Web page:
Why they dance for 24 hours

khane smith

At 7 p.m., Friday, Feb. 4, hundreds of University of Iowa students will participate in UI Dance Marathon’s BIG Event, an extravaganza that keeps participants on their feet and dancing to the beat for 24 hours. Imagery from the annual event is well-known: a whirlwind of fluorescent color, strobe effects, and hands waving in the air.

By Saturday evening, weariness and excitement are simultaneously expressed on the faces of the dancers, faces that often feature the tracks of tears shed during emotional moments of celebration and remembrance.

What fyi wants to show today is not what participants do at Dance Marathon, but rather why they do it. They do it to provide emotional and financial support to pediatric oncology and bone marrow transplant patients and their families treated at University of Iowa Children’s Hospital. Patients such as Khane Smith, the boy shown above and in the thumbnails at the end of this post.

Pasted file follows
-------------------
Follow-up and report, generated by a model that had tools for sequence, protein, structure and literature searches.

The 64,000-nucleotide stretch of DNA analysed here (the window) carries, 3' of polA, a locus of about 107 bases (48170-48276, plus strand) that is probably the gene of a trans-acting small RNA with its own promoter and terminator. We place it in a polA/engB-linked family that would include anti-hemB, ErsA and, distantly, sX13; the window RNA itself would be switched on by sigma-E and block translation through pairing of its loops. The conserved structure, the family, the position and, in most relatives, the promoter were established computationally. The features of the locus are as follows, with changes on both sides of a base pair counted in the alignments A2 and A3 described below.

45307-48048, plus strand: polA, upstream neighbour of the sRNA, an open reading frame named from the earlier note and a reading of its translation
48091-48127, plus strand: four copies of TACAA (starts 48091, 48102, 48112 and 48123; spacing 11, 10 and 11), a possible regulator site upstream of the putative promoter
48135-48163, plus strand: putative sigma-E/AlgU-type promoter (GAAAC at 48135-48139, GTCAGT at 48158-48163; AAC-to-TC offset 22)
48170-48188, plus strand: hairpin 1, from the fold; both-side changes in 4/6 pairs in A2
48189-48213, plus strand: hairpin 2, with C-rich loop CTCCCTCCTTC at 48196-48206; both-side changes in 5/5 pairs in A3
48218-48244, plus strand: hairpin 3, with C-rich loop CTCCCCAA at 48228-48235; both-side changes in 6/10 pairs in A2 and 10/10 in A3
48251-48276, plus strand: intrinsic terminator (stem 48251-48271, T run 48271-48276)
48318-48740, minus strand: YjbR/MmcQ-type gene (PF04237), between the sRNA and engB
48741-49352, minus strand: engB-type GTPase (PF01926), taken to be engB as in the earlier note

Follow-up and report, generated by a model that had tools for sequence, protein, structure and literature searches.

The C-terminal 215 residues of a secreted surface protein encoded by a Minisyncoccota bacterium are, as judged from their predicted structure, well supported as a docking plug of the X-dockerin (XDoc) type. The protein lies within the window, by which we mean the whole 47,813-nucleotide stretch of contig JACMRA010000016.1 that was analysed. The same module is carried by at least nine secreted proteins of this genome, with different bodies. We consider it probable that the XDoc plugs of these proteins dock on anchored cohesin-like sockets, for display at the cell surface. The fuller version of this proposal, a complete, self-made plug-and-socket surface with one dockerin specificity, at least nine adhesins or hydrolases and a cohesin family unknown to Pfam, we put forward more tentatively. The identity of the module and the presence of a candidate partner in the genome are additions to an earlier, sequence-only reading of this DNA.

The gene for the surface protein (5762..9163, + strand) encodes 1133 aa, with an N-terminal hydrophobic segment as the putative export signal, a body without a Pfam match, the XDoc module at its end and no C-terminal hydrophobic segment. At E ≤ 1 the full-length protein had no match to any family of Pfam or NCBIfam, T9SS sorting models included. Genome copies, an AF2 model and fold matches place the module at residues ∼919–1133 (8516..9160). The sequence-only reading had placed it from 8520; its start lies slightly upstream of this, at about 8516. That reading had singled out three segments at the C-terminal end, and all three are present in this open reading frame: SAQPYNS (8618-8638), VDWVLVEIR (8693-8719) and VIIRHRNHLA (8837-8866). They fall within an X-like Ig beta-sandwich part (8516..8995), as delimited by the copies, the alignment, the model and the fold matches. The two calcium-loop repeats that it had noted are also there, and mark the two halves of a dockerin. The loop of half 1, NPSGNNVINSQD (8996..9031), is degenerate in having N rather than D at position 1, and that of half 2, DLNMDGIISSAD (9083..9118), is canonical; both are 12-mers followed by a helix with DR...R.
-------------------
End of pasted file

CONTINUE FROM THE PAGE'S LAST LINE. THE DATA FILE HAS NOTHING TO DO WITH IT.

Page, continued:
Khane, a 3-year-old boy from Harcourt, Iowa, became ill with pneumonia and meningitis at the age of 5 months. From that illness he developed transverse myelitis, an autoimmune illness that attacks the nerves of the spine, causing inflammation and destruction of the nerve sheath. He receives intravenous immunoglobulin treatments to supress his immune system so his body won’t attack his spine any more.

In August 2010, Khane was admitted once again to UI Children’s Hospital in Iowa City for leg pain. After extensive tests, a bone marrow biopsy confirmed a diagnosis of cancer. Khane receives chemotherapy treatments at UI Children’s Hospital. fyi spent a January morning with Khane—click on the thumbnails below to see some of the images.